John Wayne Gacy`s blood may solve old murders - New York News

John Wayne Gacy`s blood may solve old murders

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CHICAGO (FOX 32 News) -

John Wayne Gacy is one of the nation's most notorious serial killers and now his name continues to haunt families and investigators looking for answers to unsolved murders.

Investigators have long suspected Gacy may have murdered more than the 33 young men he was convicted of killing. Now, these developments with Gacy's blood may make it possible to solve other murder mysteries.

"We found vials of his blood in the boxes that we were going through," says Cook County Sheriff Tom Dart.

Now that blood, and the DNA profile of John Wayne Gacy is part of a national DNA database that any police agency can tap into.

"If a jurisdiction had long ago submitted DNA from a crime scene, it would have had nothing to match against if in fact Gacy was the one who killed him," Dart explains. "So, by putting the DNA in there, anybody who's already submitted DNA from a crime scene might get a match as of today."

During Gacy's killing spree in the 1970's, he murdered and buried the bodies of 26 young men under his house. Seven others were disposed of elsewhere.

Sheriff's investigators say they have records that show during that time frame Gacy also traveled to 12 other states, and Ontario Canada, fueling speculation there may be more victims.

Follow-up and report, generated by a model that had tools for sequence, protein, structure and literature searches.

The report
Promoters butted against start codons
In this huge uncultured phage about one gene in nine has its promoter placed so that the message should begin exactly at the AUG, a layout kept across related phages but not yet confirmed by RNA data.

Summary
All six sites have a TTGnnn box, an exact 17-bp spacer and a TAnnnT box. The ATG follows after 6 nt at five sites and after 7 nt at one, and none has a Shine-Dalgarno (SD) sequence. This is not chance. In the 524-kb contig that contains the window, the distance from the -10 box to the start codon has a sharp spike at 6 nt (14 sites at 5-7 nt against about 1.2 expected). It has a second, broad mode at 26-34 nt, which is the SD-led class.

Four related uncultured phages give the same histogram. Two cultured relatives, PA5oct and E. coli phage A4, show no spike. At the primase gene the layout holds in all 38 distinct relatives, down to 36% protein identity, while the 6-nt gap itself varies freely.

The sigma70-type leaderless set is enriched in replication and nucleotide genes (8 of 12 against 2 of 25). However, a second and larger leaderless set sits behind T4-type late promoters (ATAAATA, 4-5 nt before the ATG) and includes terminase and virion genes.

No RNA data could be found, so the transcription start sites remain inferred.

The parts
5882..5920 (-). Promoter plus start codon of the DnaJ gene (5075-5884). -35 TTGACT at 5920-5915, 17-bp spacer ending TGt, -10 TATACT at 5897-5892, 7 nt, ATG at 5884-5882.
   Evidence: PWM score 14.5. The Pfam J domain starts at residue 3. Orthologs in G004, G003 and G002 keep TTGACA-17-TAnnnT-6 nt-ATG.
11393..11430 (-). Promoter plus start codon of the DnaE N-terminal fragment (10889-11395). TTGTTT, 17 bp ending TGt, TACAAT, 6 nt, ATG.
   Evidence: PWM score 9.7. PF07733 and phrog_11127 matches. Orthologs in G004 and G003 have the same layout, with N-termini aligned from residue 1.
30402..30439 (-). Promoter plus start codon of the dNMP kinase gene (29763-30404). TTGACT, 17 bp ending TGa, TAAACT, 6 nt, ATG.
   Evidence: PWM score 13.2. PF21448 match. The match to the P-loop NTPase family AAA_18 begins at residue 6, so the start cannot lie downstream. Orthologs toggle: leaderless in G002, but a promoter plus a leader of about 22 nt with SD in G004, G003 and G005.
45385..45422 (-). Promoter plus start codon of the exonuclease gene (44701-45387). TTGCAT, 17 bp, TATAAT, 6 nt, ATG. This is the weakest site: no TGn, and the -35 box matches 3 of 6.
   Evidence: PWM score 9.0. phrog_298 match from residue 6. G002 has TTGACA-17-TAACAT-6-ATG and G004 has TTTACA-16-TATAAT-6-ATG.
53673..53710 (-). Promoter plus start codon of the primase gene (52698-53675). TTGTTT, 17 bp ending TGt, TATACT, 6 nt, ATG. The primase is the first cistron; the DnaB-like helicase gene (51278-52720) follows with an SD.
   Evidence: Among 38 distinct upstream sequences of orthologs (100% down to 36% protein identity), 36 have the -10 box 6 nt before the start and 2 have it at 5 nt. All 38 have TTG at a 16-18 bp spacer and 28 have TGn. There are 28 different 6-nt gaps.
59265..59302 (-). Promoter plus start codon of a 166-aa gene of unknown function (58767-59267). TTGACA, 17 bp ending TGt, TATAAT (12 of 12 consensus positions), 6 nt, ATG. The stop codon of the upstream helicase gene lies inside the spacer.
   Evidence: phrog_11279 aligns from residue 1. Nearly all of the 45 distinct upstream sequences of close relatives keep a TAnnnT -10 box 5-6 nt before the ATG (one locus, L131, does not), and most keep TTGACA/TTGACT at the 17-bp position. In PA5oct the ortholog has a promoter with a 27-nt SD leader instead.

Karen Conti was on Gacy's death row defense team. She says he never told her he killed anyone, but, "he was killing young men in his house, burying them under the property, and here he had full reign, he was in the rural areas, he was in areas where no one knew who he was, and it's certainly possible that there are other victims," says Conti.

In fact, while police were trying to track down leads and identify the eight unidentified bodies found at Gacy's house, they traced one ID to a man alive in Florida who offered a chilling Gacy story.

"He then informed us that back in the 70's Gacy was down in that state, and Gacy tried killing him," says Dart.

The irony is that under state law Gacy's blood could not be sent to the lab for DNA profiling, but a cold case detective discovered a loophole.

Only since the year 2000 have convicted killers been required in Illinois to submit DNA samples. So, one of the cold case detectives had to find a work-around to get Gacy's blood into the national database.

"Homicide victims' blood gets sent to the State Police Crime Lab, they develop a DNA profile and it gets uploaded to be compared against crime scene database," says Cook County Sheriff's Police Det. Jason Moran. "I also recognized, immediately that Gacy was a victim of a homicide cause he was executed."

Gacy's trial attorney Sam Amirante does not think there are other victims out there, because while Gacy admitted to 34 murders, he never told Amirante of any others even when asked.

Because of the Gacy developments, other killers convicted before the law--which was changed in 2000 to require DNA samples--will have their DNA added to the national database, raising the possibility that additional cold cases could be solved.

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